Zynga fires 314 people but buys NaturalMotion for $527 million

Zynga’s last 2 years have been riddled with missteps: underperforming games, studio shutdowns, and failed mobile attempts. In a couple of years, it went from being the social games king to an overcrowded company, struggling to find its place in a world now ruled by tablets and smartphones. In that scenario, on July 1, 2013, Zynga founder Mark Pincus handed his CEO job to Don Mattrick, responsible for the Xbox label at Microsoft.

Don Mattrick (CEO) and Mark Pincus (Founder)

Don Mattrick (CEO) and Mark Pincus (Founder)

Yesterday, in the strongest move since he replaced Pincus, CEO Don Mattrick and COO Clive Downie (also a new manager) moved up their investor call planned for February 6 to share some news.

As expected, 2013 was a rough year for the company, with a net loss of $37 million and lots of players. It was better than the previous year, though, which had resulted in a  $209 million loss. However, the notheworthy announcement isn’t so much the company’s expected weak numbers, but the news that came with that:

  • As part of the plan to reorganize, reduce costs and save between $33 and $35 million, Zynga is laying off 314 people (15% of its workforce).
  • At the same time, in order to finally compensate its late switch to mobile, Zynga is acquiring Oxford based NaturalMotion for $527 million. The English company is well known for 2 achievements: the amazing simulation engine behind games like Grand Theft Auto V, and their mobile hits CSR Racing (created by Boss Alien and later acquired by NaturalMotion) and Clumsy Ninja.
NaturalMotion's CSR Racing (2012)

NaturalMotion’s CSR Racing (2012)

75 percent of all new games in development are mobile-first. For the first time in our company’s history, we expect mobile bookings to surpass web bookings.

Zynga is betting heavily on mobile gaming to make 2014 a turning point, and the “market” seems to trust it: following this announcement, the company’s stock went up around 20% (even if it’s projecting a $50 million loss for the first quarter of 2014).

There are a lot of questions regarding see how Zynga and NaturalMotion will work together. Will Zynga jump to less-known genres? Will this affect AAA games that are used to license NaturalMotion’s technology? Will they produce games hand to hand, or each one will take care of different areas (monetization, gameplay, etc.)? I’m eager to see their approach to the current state of the industry.

You can find a Gamasutra analysis here, and Don Mattrick’s thoughts here.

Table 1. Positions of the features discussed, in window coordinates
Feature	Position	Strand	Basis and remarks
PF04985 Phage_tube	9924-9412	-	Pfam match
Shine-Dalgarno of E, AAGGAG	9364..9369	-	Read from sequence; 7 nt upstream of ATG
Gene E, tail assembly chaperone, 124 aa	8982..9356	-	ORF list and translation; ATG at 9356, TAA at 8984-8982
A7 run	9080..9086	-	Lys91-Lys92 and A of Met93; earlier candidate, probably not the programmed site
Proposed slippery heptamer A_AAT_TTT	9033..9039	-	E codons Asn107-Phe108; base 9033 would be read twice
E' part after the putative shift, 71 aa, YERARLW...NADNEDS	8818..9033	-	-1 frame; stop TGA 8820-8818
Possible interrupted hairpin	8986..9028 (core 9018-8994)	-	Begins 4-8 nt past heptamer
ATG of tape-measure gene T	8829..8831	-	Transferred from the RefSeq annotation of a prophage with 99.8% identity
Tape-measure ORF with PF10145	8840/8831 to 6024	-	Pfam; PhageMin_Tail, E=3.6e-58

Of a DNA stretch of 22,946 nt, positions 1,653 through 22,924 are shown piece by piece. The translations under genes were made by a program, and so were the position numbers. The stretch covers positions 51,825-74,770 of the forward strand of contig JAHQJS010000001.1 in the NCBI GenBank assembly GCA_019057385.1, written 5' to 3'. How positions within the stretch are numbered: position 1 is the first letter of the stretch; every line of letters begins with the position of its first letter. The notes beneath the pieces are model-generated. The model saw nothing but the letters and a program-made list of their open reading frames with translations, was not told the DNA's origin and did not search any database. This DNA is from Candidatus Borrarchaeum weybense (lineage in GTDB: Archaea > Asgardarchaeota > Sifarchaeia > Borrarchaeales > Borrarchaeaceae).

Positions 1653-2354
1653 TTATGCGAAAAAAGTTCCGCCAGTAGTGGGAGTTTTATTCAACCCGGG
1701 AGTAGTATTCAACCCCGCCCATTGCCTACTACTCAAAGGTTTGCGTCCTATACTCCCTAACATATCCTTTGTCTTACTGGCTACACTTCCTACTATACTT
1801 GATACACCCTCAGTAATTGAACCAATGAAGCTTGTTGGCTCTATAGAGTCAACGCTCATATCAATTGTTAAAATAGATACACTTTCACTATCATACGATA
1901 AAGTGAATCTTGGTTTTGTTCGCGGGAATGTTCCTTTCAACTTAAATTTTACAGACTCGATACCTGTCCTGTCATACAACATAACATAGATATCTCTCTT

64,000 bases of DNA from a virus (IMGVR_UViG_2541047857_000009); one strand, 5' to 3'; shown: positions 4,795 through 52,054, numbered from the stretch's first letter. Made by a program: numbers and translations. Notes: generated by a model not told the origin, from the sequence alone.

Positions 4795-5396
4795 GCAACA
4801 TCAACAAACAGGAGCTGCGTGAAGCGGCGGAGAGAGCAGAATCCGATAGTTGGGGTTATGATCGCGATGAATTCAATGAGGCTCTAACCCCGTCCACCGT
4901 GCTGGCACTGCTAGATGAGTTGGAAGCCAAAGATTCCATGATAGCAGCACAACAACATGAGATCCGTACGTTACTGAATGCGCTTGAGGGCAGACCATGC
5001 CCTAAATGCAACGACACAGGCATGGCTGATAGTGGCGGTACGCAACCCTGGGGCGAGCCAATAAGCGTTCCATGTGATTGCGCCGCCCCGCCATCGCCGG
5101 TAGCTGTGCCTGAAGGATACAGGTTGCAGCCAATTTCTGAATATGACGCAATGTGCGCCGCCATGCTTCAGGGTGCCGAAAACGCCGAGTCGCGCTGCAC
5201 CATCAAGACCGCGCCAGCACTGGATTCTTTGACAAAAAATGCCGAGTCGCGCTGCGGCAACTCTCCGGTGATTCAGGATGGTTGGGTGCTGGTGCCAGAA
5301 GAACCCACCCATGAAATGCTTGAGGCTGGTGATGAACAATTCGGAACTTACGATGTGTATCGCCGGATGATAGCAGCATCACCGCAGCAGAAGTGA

OK… but what does a Game Producer really DO?

I get this question a LOT, mostly from relatives and friends, but a couple of times I also heard it from other team members (who probably were trying to mess up with me a little).

It’s a fair question, though. A programmer, programs. An artist, creates art. A game designer… well, designs the game. So.. what does a Game Producer really DO? (and why do I keep writing ‘Producer’ with a capital P?)

The Producer role according to the jobs matrix

The Producer role according to the jobs matrix

In general terms, a Game Producer is akin to a movie director or a TV producer: the one who owns the general vision and, at the same time, is responsible for keeping the message consistent across the areas.

Most of the times, a Game Producer must wear many hats, being the Project Manager hat one of the most common. This involves managing resources, planning and implementing processes that help to improve the workflow.

Too many hats for this Producer.

A Producer going too far

For example, when I was part of Three Melons, my job description included generating proposals for potential clients and being the point of contact for them once the project had been approved. Working at Playdom, in turn, demanded some deep content creation and game design skills, as we had to deliver a great game to millions of players. Those players needed new content regularly and a balanced experience that let them enjoy the game wether they paid or not.

However, one of the best definitions of the Game Producer role comes from the amazing Extra Credits team, which talks about core gaming subjects in a very accessible way. Here’s the video. Enjoy it!

UPDATE: I’m adding an interview to Ed Perkins, Lead Producer at NaturalMotion, in which he “describes what it takes to become a studio’s all-important production guru, overseeing how its projects go from concept to completion.” It can be useful for getting a more in-depth look at the Producer. Find it here!